Walnut Creek Visitation Lawyers
Working to Protect the Future of Parents and Children in the Bay Area
If your child has been removed from your care because of allegations of abuse or neglect, you may be entitled to have frequent and consistent visits with your child. However, because juvenile courts are concerned with protecting children's safety and best interests, if it determines that parent-child visitation would endanger the child, it may deny contact. Because interactions between you and your child are essential to maintain a strong relationship and bond, it's imperative to speak with an attorney about your case and understand your visitation rights.
At The Law Offices of Johnson & Johnson, our Walnut Creek juvenile dependency visitation lawyers have extensive experience. Attorney Carin Johnson has been practicing for 25 years and primarily focuses on this area of the law, and we can clearly explain laws on visitation and work toward establishing a plan to fit your needs and goals. We also recognize that visitation can be a highly contentious area of juvenile dependency, as disputes may arise about how, when, and whether parents alleged to have abused or neglected their child should have contact with the child. If such issues occur in your case, we will be your loyal advocate, seeking an optimal result on your behalf.
Can a Juvenile Dependency Court Deny Visitation?
As mentioned above, juvenile dependency judges have the discretion to decide whether visitation is granted to a parent accused of abuse or neglect. However, that's not to say that they can simply deny parent-child contact. For the judge to determine visitation is not warranted, the circumstances must suggest that such interaction would significantly endanger the child.
What If My Child Is Placed with Their Other Parent?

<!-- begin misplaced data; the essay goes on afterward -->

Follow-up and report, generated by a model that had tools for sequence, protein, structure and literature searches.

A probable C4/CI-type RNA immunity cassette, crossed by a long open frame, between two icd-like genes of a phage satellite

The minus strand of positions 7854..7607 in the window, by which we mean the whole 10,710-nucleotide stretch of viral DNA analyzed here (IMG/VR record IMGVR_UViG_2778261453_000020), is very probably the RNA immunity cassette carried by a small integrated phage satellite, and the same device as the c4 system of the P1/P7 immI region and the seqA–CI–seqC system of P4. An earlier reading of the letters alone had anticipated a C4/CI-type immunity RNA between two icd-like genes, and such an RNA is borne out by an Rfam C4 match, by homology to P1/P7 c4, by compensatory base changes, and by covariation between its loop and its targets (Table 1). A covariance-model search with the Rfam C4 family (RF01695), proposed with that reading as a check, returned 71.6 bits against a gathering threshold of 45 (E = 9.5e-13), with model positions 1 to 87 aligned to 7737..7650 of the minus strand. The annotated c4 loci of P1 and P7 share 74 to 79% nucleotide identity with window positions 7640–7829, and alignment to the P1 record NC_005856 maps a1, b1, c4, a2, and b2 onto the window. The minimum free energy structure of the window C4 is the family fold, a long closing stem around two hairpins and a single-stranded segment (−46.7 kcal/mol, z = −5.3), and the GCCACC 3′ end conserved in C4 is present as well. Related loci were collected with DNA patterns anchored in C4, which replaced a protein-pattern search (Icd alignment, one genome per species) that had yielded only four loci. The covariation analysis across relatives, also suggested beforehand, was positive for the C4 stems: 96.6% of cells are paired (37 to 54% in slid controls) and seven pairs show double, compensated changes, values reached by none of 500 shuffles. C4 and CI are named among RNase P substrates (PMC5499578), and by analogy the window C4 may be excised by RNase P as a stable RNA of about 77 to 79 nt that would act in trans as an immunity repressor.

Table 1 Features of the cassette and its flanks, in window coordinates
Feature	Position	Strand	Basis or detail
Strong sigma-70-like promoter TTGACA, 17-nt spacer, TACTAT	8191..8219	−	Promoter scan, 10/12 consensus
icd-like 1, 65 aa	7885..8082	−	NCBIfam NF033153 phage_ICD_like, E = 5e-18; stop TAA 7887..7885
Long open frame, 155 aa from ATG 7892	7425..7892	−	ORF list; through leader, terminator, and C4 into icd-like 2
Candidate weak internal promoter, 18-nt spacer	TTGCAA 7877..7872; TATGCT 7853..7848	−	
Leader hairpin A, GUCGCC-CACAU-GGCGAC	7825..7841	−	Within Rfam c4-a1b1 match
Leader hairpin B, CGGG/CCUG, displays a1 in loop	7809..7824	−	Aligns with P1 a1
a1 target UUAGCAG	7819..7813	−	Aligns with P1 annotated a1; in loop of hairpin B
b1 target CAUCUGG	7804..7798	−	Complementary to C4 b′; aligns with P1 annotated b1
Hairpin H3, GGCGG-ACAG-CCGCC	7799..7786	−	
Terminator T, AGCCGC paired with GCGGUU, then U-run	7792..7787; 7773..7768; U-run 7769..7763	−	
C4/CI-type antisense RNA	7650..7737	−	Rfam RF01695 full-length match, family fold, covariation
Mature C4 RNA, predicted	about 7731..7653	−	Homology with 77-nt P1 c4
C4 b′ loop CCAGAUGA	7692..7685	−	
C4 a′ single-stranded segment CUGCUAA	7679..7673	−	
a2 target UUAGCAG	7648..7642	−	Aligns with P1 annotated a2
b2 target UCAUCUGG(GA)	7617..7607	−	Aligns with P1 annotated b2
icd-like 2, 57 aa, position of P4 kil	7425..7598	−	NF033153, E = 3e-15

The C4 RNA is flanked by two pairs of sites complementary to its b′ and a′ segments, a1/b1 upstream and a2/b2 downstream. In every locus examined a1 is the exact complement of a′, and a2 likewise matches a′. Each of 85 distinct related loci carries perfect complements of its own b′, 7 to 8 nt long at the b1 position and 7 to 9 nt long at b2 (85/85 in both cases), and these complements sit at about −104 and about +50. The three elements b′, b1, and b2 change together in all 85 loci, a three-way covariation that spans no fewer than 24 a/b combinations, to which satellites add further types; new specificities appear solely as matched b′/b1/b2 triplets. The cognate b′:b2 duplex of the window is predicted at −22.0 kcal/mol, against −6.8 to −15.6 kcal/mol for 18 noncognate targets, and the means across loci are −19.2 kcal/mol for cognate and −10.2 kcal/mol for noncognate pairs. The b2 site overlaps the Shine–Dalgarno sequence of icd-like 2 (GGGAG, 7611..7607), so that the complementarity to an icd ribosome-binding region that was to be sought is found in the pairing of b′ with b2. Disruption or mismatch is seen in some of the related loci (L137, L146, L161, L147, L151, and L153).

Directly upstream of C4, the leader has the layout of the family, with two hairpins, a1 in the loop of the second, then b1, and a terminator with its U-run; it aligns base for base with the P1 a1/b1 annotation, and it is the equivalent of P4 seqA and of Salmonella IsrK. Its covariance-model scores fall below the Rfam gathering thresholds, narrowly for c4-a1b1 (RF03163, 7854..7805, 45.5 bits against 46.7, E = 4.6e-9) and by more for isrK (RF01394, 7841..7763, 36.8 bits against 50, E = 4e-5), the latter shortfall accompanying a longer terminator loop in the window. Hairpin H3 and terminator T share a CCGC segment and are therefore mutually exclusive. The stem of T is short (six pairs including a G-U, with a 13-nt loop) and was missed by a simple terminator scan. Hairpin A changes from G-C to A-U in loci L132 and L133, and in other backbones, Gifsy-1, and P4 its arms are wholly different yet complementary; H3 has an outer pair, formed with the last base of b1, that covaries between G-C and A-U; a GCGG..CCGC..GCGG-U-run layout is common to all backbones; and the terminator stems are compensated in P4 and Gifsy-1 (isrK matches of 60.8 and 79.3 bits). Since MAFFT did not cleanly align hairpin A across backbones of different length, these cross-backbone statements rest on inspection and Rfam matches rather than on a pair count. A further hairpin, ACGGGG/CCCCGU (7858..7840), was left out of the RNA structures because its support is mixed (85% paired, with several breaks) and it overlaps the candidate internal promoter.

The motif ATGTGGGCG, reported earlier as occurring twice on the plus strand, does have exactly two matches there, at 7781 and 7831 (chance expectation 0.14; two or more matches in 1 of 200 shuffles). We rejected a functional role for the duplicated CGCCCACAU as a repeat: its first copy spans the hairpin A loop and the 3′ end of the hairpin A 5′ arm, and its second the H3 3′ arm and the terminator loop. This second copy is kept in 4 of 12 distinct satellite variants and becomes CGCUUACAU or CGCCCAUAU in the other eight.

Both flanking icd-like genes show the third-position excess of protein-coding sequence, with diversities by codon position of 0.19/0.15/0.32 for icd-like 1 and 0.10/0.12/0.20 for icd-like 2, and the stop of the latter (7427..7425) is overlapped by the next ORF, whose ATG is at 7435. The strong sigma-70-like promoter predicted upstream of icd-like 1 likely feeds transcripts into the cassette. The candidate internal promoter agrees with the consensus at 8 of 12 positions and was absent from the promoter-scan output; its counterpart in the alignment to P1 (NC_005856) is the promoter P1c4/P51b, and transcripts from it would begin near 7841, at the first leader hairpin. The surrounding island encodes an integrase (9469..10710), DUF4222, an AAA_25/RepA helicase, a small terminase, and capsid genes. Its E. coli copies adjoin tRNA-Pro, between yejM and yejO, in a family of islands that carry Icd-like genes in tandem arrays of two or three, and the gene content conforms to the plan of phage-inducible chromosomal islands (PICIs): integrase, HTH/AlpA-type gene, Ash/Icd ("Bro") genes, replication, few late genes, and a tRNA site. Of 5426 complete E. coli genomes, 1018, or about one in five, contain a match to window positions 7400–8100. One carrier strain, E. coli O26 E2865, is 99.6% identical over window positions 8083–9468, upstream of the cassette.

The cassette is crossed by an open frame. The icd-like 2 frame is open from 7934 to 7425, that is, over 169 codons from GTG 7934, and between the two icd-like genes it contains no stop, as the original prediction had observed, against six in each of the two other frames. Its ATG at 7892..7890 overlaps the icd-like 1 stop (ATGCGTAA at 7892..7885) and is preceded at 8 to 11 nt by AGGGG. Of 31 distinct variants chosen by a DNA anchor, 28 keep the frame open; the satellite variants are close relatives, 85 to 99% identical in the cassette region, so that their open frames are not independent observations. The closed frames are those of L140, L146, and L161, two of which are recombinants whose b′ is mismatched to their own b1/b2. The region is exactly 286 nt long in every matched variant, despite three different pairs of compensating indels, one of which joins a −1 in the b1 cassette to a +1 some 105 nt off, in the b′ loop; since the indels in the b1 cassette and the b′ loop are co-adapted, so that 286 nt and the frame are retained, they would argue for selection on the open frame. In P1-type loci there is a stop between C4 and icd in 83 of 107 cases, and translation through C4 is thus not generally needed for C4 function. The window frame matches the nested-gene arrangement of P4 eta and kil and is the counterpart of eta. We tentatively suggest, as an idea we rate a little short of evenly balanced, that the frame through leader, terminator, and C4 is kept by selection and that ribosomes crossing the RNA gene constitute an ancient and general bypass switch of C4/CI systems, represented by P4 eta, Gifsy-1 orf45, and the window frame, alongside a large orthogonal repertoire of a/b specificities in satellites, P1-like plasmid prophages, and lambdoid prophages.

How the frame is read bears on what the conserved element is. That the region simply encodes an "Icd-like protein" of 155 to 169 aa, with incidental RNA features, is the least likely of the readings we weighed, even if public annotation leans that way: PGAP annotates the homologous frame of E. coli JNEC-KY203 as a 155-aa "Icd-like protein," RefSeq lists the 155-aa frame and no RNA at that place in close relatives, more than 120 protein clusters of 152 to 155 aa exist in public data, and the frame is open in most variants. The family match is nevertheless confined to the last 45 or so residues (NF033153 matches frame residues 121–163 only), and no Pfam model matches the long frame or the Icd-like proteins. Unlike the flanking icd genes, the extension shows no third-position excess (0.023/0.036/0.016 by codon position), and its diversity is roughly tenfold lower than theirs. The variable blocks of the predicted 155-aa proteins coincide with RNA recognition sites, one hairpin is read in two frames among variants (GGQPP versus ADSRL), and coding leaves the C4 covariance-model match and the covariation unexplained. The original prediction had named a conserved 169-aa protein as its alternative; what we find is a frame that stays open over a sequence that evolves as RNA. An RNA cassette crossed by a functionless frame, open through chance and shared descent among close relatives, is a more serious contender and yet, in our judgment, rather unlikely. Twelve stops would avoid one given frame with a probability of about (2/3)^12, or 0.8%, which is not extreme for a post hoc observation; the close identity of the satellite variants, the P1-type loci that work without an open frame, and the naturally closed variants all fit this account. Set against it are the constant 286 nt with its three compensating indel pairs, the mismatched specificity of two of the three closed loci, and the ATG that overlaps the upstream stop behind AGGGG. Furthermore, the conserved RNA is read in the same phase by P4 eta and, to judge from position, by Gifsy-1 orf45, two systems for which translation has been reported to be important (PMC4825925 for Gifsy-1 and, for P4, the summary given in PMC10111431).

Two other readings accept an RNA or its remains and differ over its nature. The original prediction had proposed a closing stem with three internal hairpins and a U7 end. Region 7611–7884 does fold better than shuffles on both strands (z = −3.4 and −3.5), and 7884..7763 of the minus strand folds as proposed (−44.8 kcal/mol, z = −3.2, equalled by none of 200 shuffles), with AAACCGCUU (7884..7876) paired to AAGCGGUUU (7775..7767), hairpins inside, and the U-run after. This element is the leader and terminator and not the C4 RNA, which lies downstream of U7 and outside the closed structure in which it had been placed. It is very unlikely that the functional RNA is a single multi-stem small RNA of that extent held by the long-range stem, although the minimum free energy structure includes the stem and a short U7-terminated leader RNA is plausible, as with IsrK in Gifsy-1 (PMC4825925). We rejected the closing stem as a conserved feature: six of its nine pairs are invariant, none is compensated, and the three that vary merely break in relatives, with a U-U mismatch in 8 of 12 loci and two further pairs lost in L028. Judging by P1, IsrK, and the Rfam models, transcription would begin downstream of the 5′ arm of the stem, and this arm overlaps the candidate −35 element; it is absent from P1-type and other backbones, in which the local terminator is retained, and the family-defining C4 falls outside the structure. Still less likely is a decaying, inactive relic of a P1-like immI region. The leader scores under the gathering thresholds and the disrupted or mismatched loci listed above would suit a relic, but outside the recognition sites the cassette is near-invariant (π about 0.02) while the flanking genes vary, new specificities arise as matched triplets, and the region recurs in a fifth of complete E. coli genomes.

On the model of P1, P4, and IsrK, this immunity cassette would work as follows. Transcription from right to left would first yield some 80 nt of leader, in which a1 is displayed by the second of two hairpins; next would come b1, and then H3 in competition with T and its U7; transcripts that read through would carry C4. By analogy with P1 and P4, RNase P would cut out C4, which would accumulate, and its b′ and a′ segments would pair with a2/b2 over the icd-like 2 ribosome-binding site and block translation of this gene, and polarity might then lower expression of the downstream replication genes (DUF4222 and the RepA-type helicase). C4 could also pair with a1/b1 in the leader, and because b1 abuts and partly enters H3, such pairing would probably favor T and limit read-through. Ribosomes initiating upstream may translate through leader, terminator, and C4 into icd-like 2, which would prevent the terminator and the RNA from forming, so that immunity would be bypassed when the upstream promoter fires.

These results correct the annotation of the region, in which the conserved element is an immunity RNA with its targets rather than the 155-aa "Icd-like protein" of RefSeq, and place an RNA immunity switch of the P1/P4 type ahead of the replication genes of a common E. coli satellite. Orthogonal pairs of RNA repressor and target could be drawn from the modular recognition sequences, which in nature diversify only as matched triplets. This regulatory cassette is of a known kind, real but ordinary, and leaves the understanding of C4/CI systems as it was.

If you and your child's other parent were not living together at the time of the alleged abuse or neglect, the judge may decide that it would serve your child's best interest to place them with their other parent. In this case, you still have the right to visitation with our child.
The court will determine the time and place that visitation takes place. If either you or your child's other parent willfully violate the order, legal consequences may follow. Thus, to change the visitation conditions, you must first have the court modify them.
I Am Completing Reunification Services. Can I Still Visit My Child?
The court may order you to complete reunification services before deciding that your child can be returned to your care. During this time, you may be granted visitation with your child, as long as such contact will not jeopardize your child's safety.
It's important that you show up to visitation as scheduled and adhere to the conditions. During review hearings, the judge may consider your interactions with your child when deciding whether they can be returned to your home.
Often, when children have been removed from a parent's care and are placed with a relative or foster home, issues may arise between those who have physical possession of the child and the child's biological parent. Note that the judge is the one who decides whether visitation remains, and no other party should attempt to deny visitation. If you are not afforded access to your child as ordered, speak with our Walnut Creek visitation attorney to discuss your legal options.
Even if you are not on a reunification plan, you may still be entitled to visitation with your child.
If I'm Going Through a Section 366.26 Hearing, Can I Still Have Visitation?
A Section 366.26 hearing is held to develop a permanent placement plan for your child. While the proceeding is pending, the court can still allow visitation. At The Law Offices of Johnson & Johnson, we will develop and present a compelling case on your behalf to advocate for contact between you and your child.
Reach Out to Our Firm for Help with Your Visitation Matter
Our lawyers recognize the importance of visitation between you and your child during a dependency case. We will work hard to protect your rights and future interests.